Just about every weekend at Frontier in Chicago’s West Town, chef Brian Jupiter brings out an array of omnivore’s delights: whole-roasted wild boar, lamb marinated in-house, farm-raised pig smoked over cherrywood — even wild-caught alligator flown in from Shreveport, Louisiana, stuffed with whole chickens and served with whole sausage and shrimp jambalaya. For a select dozen or so guests, it is a feast for the senses. It invokes both curiosity and envy. If there’s a Louisiana football game on, then, Jupiter says, his restaurant becomes a different place: “It’s loud, people’s accents come out heavy — for the three hours of the game, everyone’s back home.”
Jupiter, who hails from the historic Uptown New Orleans, grew up making beloved Cajun and soul food dishes alongside his grandmother. In high school, he landed a job as a fry cook at an upscale steakhouse in New Orleans’ West Bank, where he not only survived the frantic pace of Friday night all-you-can-eat fried catfish, but also fell in love with the craft.
He studied culinary arts and restaurant management in Miami. There, Jupiter opened his eyes to the entire world of food, working in Asian restaurants in South Beach. When he returned to New Orleans one summer, he took a stint at a Mexican/Cajun restaurant called Vaquero’s. “It was really cool what they were doing to food,” he says. “That made me start thinking about what kind of food I wanted to end up doing. I knew at that point I wanted to stay true to New Orleans, but I wanted to be able to incorporate other things: not necessarily fusion, but some subtle spice notes and techniques.”
When he landed in Chicago in 2003, he moved up the ranks from one fine restaurant to another, and opened Frontier in 2011. Jupiter embraced the sense of experimentation he’d learned in New Orleans. It’s why the menu at Frontier is so hard to pinpoint (“New American,” he says, when pressed for a genre) where dry-rubbed waygu beef ribs share space with antelope cheesesteak, or ahi tuna with wasabi mayo, or a shrimp spaghetti mixed with ‘nduja, a spicy spreadable sausage from southern Italy.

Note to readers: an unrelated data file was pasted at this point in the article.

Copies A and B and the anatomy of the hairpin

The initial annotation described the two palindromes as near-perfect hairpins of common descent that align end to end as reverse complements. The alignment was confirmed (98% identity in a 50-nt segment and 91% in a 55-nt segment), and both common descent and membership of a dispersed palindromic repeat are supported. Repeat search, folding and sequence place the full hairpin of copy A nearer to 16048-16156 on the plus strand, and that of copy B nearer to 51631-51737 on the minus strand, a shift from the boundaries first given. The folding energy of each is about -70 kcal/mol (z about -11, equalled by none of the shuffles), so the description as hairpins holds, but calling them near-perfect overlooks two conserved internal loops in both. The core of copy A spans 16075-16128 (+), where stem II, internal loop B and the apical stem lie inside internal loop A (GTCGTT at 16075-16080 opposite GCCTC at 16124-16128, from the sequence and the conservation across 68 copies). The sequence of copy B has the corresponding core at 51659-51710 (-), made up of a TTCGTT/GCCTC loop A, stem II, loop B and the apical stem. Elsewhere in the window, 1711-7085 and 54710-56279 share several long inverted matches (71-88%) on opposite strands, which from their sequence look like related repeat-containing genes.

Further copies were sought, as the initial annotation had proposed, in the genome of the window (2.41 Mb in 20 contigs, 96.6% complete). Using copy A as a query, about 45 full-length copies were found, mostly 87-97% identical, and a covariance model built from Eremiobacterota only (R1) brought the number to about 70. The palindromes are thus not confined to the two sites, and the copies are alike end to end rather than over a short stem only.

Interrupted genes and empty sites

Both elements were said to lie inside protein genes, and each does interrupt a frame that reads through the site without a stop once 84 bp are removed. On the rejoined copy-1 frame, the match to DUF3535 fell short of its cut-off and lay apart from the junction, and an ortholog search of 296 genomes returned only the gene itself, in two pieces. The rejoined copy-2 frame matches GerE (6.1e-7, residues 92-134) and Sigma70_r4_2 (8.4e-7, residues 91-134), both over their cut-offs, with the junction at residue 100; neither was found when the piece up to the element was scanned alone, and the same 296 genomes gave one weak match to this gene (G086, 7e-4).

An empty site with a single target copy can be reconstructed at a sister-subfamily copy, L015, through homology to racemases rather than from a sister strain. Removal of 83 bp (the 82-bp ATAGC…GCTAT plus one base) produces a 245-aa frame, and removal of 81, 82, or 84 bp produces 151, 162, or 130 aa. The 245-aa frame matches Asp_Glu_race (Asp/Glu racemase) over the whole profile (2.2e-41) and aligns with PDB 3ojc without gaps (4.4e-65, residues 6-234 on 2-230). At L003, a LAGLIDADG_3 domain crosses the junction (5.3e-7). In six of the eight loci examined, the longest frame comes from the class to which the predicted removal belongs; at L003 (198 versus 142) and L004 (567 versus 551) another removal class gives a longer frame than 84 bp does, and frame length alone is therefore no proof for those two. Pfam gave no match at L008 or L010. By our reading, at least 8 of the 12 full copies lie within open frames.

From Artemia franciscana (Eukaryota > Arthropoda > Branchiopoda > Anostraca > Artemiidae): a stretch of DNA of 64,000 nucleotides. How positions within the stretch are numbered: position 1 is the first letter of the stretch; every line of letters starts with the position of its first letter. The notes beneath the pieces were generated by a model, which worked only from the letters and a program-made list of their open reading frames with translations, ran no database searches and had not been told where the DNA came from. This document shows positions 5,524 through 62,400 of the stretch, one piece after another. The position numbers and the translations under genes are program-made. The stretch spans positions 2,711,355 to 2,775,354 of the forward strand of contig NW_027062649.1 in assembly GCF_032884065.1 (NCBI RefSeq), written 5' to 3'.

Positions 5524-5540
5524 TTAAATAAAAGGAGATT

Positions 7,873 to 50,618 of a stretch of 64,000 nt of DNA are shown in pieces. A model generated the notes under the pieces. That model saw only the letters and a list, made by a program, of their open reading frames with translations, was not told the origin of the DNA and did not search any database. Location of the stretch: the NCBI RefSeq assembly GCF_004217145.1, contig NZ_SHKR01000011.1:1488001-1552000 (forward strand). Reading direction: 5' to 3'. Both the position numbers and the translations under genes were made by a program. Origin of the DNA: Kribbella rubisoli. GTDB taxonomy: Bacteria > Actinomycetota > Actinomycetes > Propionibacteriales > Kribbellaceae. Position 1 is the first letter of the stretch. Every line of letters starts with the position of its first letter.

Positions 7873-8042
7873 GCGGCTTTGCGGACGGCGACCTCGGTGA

Chicago has been good to Jupiter. Like Frontier’s menu, the city itself is a bit of everything, fluid and difficult to pin down: from Koreatown to the South Side, “Chicago is extremely diverse, and it’s also extremely segregated,” says Jupiter. “So much happens in each part of the city. I think it’s important to experience all of those different elements.”
So Jupiter gives back whenever he can. During past Thanksgivings, he’s prepared free meals with fellow chefs at homelessness organizations, and he teaches cooking with Chicago Public Schools. “The culinary arts are something that can take you anywhere in the world,” he says. “Whether you get formal training or not, if you apply yourself, if you develop a skill set, you can work anywhere. A lot of black kids don’t have a lot of options. Trades are being forgotten. A big mission of mine is always getting more people in the kitchen and teaching that trade.”
This past June, Jupiter opened up Ina Mae Tavern & Packaged Goods in Chicago’s Wicker Park. The atmosphere suggests a folksy country store brought up the Mississippi. Compared to Frontier, its menu of traditional Cajun dishes should be recognizable to anyone from the South. “For people who’ve been to New Orleans, it takes them back,” he says. “For people who haven’t, it fulfills the expectation of what it would be like: the look, the feel, the food, everything all together.”
Even the basics of classical Cajun is a fusion in itself. “New Orleans food is so cool because it has so many different cultures that make it up,” says Jupiter. “African, Caribbean, Italian, Spanish, French, of course — all of that hodgepodge of culture and spices and cooking styles, techniques.”
The chef’s current favorite cocktail, the Bold Fashioned, fits that character perfectly: The drink carries a unique sense of history with a twist, and it lets a NOLA-born spirit (that’s now celebrated the world over) take center stage. For Jupiter, the cocktail’s main ingredient beautifully evokes the spirit of The Big Easy. “I think the flavor of Southern Comfort is very unique — just like many things in New Orleans, whether it’s the food, music, or even the second line funerals,” Jupiter explains. “There are many spirits that can taste similar to their competitors, but Southern Comfort is in a class of its own.”
Brian’s Favorite Southern Comfort Bold Fashioned
Here’s how to make Brian’s cocktail of choice.
• 2 oz. Southern Comfort 80PF Black Label
• ½ oz. simple syrup
• 2 dashes aromatic bitters
• Orange wedge
• Maraschino cherry
• Measure all ingredients into a glass filled with ice.
• Stir and pour into a rocks glass over fresh ice.
• Garnish with an orange wedge and a cherry.
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